Of those consumers surveyed, 58 percent reported having a moment-of-truth experience in the last 18 months. Critical touch points that can lead to moments of truth occur throughout the policy life cycle, including:

  • When consumers have questions about existing coverage, deductibles or premiums, or when they need to update personal information.
  • When consumers look to increase coverage, obtain a new policy or replace an existing policy.
  • When consumers inquire about claim status or want to dispute a claim’s resolution.

The good news: 70 percent of customers experiencing a moment of truth reported a positive outcome.

Quality of communications was cited by 60 percent of the respondents as the most important factor in elevating interactions with an insurer into moments of truth. Closing the communication gap can make insurers more aware of shifting consumer needs so they can turn moments of truth into cross- and up-selling opportunities.

EY offered several suggestions for insurers looking to boost customer engagement and increase the probability of turning a moment of truth into a positive outcome:

  • Develop processes to differentiate between inquiries that require “high-touch” service and those that can be routed to self-service channels.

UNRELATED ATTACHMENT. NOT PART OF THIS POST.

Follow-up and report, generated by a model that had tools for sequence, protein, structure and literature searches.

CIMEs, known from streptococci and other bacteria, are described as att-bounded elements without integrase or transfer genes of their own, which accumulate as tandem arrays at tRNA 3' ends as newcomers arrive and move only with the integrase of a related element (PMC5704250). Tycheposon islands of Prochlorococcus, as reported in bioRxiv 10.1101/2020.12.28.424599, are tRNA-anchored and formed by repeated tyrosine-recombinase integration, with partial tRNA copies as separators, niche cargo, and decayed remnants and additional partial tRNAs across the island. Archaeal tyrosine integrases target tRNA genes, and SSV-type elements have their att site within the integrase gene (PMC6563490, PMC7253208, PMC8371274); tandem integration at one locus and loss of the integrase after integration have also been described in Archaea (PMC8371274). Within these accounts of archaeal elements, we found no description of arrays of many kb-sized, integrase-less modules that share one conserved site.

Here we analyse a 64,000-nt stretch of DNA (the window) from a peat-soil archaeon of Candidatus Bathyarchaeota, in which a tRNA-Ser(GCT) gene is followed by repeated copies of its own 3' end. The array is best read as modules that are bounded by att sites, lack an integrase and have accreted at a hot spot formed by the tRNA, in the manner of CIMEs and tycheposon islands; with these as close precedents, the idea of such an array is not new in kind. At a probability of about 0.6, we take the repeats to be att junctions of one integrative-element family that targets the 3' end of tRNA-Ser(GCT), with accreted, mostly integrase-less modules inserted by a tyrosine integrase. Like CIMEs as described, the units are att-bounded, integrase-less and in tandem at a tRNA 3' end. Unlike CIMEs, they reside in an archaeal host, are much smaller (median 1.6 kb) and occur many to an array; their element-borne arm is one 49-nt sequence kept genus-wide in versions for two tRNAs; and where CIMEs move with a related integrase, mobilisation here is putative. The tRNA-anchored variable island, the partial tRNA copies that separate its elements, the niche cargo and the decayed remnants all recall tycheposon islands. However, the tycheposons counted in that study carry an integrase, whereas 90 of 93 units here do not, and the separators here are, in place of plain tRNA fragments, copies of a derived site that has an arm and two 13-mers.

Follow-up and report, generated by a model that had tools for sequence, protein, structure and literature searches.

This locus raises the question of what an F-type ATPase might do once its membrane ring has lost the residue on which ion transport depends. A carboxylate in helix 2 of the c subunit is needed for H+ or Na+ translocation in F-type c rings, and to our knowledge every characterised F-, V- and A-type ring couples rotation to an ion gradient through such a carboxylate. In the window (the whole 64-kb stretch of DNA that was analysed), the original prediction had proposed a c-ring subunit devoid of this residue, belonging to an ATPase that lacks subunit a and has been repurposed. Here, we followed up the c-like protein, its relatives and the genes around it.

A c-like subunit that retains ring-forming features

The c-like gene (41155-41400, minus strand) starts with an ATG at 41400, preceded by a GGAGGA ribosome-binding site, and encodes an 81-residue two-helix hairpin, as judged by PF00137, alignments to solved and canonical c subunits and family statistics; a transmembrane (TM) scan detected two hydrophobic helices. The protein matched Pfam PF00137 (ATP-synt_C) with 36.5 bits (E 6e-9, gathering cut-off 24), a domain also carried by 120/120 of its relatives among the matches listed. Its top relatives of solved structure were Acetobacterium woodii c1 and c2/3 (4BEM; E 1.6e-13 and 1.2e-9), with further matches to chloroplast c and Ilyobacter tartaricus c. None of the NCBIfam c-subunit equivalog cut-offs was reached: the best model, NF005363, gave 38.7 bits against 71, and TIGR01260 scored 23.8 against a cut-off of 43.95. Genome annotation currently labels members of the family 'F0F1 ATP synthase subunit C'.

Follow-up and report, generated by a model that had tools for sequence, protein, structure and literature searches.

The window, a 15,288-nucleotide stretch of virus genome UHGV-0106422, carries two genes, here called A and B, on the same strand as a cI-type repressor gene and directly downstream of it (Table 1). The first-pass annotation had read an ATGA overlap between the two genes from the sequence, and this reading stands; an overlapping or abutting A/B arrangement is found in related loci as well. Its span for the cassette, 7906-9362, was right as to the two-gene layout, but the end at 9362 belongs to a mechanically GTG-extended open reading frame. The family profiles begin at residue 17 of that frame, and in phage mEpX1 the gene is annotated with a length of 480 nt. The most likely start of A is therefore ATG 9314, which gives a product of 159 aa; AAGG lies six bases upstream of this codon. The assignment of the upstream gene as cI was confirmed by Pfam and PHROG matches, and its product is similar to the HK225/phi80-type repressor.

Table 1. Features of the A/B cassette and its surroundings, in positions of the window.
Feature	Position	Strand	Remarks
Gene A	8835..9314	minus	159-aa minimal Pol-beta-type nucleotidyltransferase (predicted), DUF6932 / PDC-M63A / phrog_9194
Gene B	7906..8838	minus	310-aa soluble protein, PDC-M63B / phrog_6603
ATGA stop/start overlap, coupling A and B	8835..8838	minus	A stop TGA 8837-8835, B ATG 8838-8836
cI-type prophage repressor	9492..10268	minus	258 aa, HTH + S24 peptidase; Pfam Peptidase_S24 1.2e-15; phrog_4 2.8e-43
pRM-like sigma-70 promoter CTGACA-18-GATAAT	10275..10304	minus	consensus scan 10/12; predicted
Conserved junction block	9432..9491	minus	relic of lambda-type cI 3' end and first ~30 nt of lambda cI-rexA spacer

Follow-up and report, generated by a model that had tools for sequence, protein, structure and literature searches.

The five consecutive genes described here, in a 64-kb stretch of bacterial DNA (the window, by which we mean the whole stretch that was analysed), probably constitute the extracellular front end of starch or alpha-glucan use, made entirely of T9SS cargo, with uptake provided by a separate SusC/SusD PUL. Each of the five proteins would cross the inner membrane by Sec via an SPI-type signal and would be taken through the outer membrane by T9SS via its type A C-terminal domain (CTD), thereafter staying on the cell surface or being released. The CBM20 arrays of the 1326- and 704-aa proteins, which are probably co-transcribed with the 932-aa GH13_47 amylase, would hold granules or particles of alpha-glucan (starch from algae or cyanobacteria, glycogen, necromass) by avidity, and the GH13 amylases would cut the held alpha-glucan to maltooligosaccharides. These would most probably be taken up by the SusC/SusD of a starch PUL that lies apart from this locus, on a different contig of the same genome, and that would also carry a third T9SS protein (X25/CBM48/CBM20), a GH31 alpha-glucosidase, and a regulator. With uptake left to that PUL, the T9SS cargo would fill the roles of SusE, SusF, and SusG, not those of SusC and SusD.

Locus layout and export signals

• Establish affinity groups, customer clubs or rewards programs for specific segments.
  • Offer supplemental information on topics of interest (like household safety or safe driving tips, comparison data for similar customers) along with standard communications to demonstrate interest in wider consumer needs.

Going Multichannel

Insurers need to rethink their distribution strategies and partner relationships, the survey found.

While in-person interaction is still important to consumers, it is no longer a requirement. Call centers and digital options such as web chat are now seen as viable replacements for face-to-face interactions for many tasks.

In fact, the survey found that roughly 8 in 10 customers are willing to use digital and remote contact channels (including web chat, email, mobile apps, video support or phone) for many different types of interactions and transactions. The key is finding the right mix to fit the needs of both insurer and insureds. EY recommended choosing three or four contact methods.

The survey also found that whether an insurer sells direct or through a broker can have a significant impact on customer attrition: Consumers purchasing from independent brokers are 29 percent more likely to switch insurers or cancel policies.

However, when it comes to up-selling during moments of truth, brokers outperform direct insurers and those with dedicated agents.

Regardless of whether they choose to sell direct or through an intermediary, EY said that insurers must maintain control of the consumer relationship. Failure to do so can lead to lost policies—especially if customers feel abandoned by their carrier.